• So much for the Kevin Frandsen shortstop experiment. The San Francisco Chronicle reports that Frandsen, initially expected to be the Opening Day shortstop following Omar Vizquel's knee surgery, will return to his traditional second-base role, also getting in "some time" at third base. Frandsen didn't adapt well to shortstop, committing three errors in five spring games at the position, though the news significantly decreases his fantasy appeal, perhaps to final-round NL-only consideration. It also leaves the shortstop position to a three-man battle of no-names: Brian Bocock, Emmanuel Burriss and Ivan Ochoa. All three are light-hitting speedsters, only for the desperate NL-only owner, and that's assuming one actually wins the role instead of the team seeking outside help.
• Among Friday games, if you get a chance to do so, make sure you watch the Twins-Red Sox game. It'll mark Francisco Liriano's spring debut, his first game action since Tommy John surgery in 2006. According to the Twins' official Web site, he's expected to throw between 40-50 pitches, and manager Ron Gardenhire believes the left-hander can get up to 80-100 pitches by the end of spring training. Beginning on Friday we'll be able to see whether all those glowing reports on Liriano's health are legit.
• Leave it to Dusty Baker to come up with a doozy of a quote. Check out this one, straight from the team's official Web site: "He needs to swing some more. I talked to him about that. ... I think a lot of this on-base percentage is taking away some of the aggressiveness of some of the young kids to swing the bat." The "he" Baker is referring to is Joey Votto, though the skipper lumped "three true outcomes" slugger Adam Dunn into the discussion later. Apparently Baker doesn't understand the value of Votto's patience; he's a .385 career on-base performer for his minor league career an approach that was responsible for him registering a .321 batting average and .908 OPS in 24 games of a late-season call-up for the Reds. Votto really doesn't need to change, but allow this to serve as the first official indication that he doesn't quite fall in line with the Baker game plan. It's a very real worry that youngsters might suffer in the Baker regime, and with contact hitter Scott Hatteberg his competition, Votto could by all rights be Triple-A bound.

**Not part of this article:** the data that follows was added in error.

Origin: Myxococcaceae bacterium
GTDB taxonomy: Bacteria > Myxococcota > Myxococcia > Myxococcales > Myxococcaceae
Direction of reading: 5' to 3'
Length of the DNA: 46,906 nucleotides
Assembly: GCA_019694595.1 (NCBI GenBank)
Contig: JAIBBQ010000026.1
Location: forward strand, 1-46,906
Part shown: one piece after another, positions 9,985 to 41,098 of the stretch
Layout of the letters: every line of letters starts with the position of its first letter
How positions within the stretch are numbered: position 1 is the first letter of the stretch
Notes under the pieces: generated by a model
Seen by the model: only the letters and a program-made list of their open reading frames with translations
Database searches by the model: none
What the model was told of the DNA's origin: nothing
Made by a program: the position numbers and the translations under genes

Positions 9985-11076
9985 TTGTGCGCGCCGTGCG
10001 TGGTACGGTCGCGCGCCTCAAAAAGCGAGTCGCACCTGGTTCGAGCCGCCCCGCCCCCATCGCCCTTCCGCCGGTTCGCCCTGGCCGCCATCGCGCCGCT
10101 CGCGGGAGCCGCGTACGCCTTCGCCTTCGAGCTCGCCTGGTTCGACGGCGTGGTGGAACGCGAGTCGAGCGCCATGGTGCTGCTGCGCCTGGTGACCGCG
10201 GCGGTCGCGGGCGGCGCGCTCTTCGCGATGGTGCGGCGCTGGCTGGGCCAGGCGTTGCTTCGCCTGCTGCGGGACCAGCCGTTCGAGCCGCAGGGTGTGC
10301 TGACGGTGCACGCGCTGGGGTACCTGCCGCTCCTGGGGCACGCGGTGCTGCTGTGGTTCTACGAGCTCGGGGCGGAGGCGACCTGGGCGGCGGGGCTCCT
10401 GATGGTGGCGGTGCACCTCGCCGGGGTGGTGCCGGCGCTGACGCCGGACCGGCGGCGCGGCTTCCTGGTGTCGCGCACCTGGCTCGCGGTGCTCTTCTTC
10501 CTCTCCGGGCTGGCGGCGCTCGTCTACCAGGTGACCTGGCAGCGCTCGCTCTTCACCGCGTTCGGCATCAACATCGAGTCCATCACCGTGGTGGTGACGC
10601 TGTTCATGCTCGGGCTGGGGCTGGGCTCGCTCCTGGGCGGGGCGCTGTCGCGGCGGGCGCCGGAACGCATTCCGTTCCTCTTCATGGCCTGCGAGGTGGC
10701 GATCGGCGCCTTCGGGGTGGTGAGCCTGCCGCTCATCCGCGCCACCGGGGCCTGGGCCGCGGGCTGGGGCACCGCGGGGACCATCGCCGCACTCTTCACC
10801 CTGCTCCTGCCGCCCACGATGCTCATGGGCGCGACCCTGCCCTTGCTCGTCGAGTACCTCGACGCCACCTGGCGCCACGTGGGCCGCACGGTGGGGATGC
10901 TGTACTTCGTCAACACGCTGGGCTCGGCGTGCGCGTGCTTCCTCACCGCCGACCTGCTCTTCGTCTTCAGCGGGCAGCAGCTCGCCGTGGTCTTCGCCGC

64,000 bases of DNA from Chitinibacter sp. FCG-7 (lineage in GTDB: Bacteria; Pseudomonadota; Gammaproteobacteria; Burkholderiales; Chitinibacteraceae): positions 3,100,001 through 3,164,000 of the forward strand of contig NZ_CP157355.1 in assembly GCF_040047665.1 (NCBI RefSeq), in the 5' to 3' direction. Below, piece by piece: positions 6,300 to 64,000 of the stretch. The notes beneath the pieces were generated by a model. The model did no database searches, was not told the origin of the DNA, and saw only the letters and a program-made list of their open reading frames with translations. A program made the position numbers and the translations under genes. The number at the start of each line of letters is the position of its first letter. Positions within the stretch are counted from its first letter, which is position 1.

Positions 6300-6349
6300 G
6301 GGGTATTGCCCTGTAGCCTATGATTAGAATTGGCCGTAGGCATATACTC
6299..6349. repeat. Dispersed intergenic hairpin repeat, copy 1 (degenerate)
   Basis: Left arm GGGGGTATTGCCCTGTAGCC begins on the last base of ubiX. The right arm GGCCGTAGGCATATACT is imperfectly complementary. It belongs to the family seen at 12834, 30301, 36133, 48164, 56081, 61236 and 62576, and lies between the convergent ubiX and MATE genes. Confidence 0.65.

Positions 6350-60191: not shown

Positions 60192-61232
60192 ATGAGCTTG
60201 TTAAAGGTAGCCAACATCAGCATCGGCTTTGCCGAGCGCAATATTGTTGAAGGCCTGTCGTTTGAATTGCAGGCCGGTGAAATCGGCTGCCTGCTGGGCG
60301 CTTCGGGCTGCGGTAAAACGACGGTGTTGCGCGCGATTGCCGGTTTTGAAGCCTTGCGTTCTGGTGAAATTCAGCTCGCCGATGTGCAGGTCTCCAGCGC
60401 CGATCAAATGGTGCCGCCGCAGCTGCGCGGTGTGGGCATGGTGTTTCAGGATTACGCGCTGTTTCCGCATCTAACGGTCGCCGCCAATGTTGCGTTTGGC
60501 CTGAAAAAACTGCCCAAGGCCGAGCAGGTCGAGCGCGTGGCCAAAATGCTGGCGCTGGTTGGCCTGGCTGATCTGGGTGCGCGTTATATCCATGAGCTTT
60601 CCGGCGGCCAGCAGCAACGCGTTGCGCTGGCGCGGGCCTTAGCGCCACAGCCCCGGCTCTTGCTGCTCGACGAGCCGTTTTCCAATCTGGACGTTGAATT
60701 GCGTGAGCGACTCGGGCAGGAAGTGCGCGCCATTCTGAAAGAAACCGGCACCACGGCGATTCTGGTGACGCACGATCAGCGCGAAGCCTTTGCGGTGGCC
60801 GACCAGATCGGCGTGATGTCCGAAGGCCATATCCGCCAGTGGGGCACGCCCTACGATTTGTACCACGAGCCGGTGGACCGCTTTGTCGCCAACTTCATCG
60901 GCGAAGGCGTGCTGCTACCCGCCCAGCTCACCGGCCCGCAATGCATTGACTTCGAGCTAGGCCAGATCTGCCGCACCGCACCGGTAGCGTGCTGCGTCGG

• Speaking of rookie first basemen whose stock is dropping, the Athletics' official Web site reports that Daric Barton's hand injury is more serious than initially thought. He was sent for an examination and X-ray on Thursday after missing his fifth consecutive spring game. "I hurt it last year in a collision at first base and missed a couple of days," said Barton of the root of the problem. "Then I hurt it swinging again last week." Keep tabs on Barton's progress the next few days, as he was a sleeper as the projected everyday first baseman and No. 2 hitter to begin the season. Dan Johnson would stand to step in if Barton begins the year on the disabled list, not that he has done much to warrant fantasy consideration -- he's 3-for-19 (.158 AVG) for the spring.
• Pirates rookie Steve Pearce became the first player to three home runs this spring -- though Troy Tulowitzki joined him a couple of hours later -- when he took the Blue Jays' Dustin McGowan deep on Thursday. He's now 6-for-18 (.333 AVG) with 17 total bases for the spring, though there still might not be a spot for him on the Opening Day roster, not with Adam LaRoche at first base and Xavier Nady in right field. The Pirates should find room for Pearce before too long, though, so like the Athletics' Gonzalez, this is a name you need to know. Stash him on an NL-only reserve list.
Tristan H. Cockcroft covers fantasy sports for ESPN.com. You can e-mail him here.